Frederic Heim, Plaintiff-appellee, v. Walter Meserole; Thomas Usher and Jane Doe Usher, His Wife,defendants-appellants, 10 F.3d 808 (9th Cir. 1993)Annotate this Case
Submitted Oct. 7, 1993. *Decided Nov. 12, 1993
Before: FERGUSON, THOMPSON, and O'SCANNLAIN, Circuit Judges.
Walter Meserole, and Thomas and Jeanne Usher appeal the district court's Opinion and Order finding them jointly and severally liable to Frederic Heim for damages resulting from the fraudulent misrepresentations made to Heim by Meserole and Thomas Usher in violation of Arizona law and Section 10 of the Securities Exchange Act of 1934, 15 U.S.C. § 78j and Rule 10-b5 issued thereunder.
Appellants challenge the district court's holding of joint and several liability against the separate property of Jeanne Usher claiming that the record contains no evidence of her participation in the fraudulent conduct. Appellee responds, first, that Jeanne Usher may be held jointly and severally liable because Thomas Usher's actions were intended to benefit their marital community. Second, according to the appellee, "the record is unequivocal and uncontested that Jeanne did participate and so her separate property is properly subject to judgment." We reverse the holding of the district court.
A trial court's resolution of a question of law is reviewed de novo. Anderson v. United States, 966 F.2d 487, 489 (9th Cir. 1992); DeNieva v. Reyes, 966 F.2d 480, 482 n. 1 (9th Cir. 1992).
First, Arizona law is clear that, even if Thomas Usher acted for the benefit of the Ushers' marital community, this entitles the appellee to reach only the Ushers' marital property and the separate property of Thomas Usher. Under Ariz.Rev.Stat.Ann. Sec. 25-215(D), either spouse may contract debts for the benefit of the marital community. "In an action on such a debt or obligation, the spouses shall be sued jointly and the debt or obligation shall be satisfied ... from the community property, and ... from the separate property of the spouse contracting the debt or obligation." Sec. 25-215(D). Furthermore, Ariz.Rev.Stat.Ann. Sec. 25-215(A) states that the separate property of a spouse shall not be liable for separate debts or obligations of the other spouse, absent agreement of the property owner to the contrary.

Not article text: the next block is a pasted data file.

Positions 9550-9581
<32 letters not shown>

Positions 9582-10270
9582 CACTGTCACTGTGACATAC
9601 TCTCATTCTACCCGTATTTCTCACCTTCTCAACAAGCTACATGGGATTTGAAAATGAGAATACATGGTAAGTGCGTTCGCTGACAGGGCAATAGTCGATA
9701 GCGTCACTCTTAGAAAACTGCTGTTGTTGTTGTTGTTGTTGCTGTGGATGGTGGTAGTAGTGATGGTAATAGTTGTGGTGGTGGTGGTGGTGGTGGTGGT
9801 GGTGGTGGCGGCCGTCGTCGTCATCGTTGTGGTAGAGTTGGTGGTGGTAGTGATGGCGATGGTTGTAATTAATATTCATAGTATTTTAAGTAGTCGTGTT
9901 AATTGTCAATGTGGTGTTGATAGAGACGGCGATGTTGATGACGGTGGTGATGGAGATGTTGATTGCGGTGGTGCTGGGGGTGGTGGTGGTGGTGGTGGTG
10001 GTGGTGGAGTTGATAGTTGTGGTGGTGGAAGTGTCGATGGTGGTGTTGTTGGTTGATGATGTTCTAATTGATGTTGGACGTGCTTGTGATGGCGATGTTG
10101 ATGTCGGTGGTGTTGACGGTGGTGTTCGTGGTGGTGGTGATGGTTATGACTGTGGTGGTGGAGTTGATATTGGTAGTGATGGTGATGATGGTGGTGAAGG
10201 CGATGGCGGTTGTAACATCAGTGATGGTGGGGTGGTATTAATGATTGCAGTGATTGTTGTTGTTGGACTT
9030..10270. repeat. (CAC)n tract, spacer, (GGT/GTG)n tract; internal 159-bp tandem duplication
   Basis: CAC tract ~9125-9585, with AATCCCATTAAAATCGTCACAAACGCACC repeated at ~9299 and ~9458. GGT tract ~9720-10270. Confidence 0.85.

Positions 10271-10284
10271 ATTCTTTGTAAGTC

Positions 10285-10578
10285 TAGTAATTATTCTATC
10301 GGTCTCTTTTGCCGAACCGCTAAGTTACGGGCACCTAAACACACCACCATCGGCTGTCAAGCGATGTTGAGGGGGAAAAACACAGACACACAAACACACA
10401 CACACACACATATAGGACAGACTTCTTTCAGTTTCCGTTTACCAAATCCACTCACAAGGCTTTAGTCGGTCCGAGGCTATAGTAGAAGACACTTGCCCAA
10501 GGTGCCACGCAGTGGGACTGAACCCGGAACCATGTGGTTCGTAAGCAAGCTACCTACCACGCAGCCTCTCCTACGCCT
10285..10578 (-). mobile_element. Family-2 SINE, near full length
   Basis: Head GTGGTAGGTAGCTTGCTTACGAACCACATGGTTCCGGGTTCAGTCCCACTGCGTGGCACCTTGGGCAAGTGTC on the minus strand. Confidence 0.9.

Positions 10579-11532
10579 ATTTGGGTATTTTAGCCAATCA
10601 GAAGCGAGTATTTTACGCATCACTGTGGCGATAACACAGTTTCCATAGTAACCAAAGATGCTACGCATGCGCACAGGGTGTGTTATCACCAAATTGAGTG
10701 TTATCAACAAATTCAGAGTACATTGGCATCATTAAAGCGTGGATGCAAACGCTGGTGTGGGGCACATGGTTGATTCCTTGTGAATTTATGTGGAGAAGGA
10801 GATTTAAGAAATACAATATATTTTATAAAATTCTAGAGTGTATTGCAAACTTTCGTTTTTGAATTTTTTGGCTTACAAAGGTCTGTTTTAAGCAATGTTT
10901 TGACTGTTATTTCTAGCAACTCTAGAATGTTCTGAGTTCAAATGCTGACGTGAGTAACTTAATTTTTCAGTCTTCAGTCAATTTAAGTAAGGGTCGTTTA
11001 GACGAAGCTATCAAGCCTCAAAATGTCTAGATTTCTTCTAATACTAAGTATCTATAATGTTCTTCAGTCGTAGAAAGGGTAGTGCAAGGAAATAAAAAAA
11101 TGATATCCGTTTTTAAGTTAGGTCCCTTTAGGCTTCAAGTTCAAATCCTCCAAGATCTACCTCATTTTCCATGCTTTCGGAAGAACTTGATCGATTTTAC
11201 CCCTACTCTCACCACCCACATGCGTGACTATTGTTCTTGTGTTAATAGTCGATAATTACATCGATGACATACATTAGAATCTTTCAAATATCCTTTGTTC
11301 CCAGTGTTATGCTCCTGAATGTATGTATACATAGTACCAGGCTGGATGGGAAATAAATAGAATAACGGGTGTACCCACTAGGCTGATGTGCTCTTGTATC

Arizona case law also supports that conclusion. See Fox v. Weissbach, 259 P.2d 258, 259 (1953) (Supreme Court of Arizona stated " [i]t is the law of [Arizona] that ... the separate property of a member of a community is not liable for the payment of a community obligation"). See also Keplinger v. Boyett, 433 P.2d 1006, 1009 (Ariz.Ct.App.1967) ("the separate property of the wife is not liable for a community debt"); Union Bank v. Pfeffer, 502 P.2d 535, 537 (Ariz.Ct.App.1972) (spouse could not be held personally liable for community obligations even to the extent that her separate property resulted from marital property she received when her husband died).
Therefore, even if Thomas Usher acted for the benefit of his marital community, the appellee may reach only the Ushers' marital property and the separate property of Thomas Usher.
Second, the trial court did not find that Jeanne Usher actively participated in the fraudulent conduct in this case. The court's opinion did not address this issue at all. A review of the trial transcript and the record does not reveal any indication of Jeanne Usher's participation. In fact, in a letter submitted to this Court on September 22, 1993, appellee's counsel acknowledged that "there is no 'evidence of Jean [sic] Usher's participation in the acts which led to judgment against her.' "
Therefore, because the record does not support a finding that Jeanne Usher's separate property may be used to satisfy the judgment in this case, we reverse that portion of the district court's Judgment. As to the Ushers' liability, we hold that only the Ushers' marital property and Thomas Usher's separate property may be reached in satisfaction of the judgment.
United States District Court for the District of Arizona Local Rule 47 requires prevailing parties to file proposed findings of facts and conclusions of law within five days after the court renders its judgment. In this case, the plaintiff, the prevailing party, failed to do so. The defendant moved for dismissal of the case for want of prosecution and the district court denied this motion. Appellants appeal this denial.
The district court's denial of the defendant's motion to dismiss for want of prosecution is reviewed for abuse of discretion. Carey v. King 856 F.2d 1439, 1440 (9th Cir. 1988) (per curiam).
The district court found that, by instructing the Clerk to enter judgment in favor of the plaintiff, the court was, in effect, exercising its discretion and directing that no findings of fact and conclusions of law be filed. Rule 47 explicitly provides that a trial judge may order the non-filing of findings of fact and conclusions of law. Therefore, the judge did not abuse his discretion by so ordering.
The appellants also contend that the trial court made a series of erroneous findings of fact. A district court's findings of fact are reviewed for clear error. Fed. R. Civ. P. 52(a); In re San Vicente Medical Partners, 962 F.2d 1402, 1405 (9th Cir.), cert. denied, 113 S. Ct. 210 (1992). After a careful review of the record we find that the district court's findings of fact are not clearly erroneous.
For the foregoing reasons, we affirm the district court's Judgment except that we reverse the district court's determination that Jeanne Usher's separate property is jointly and severally liable for the judgment.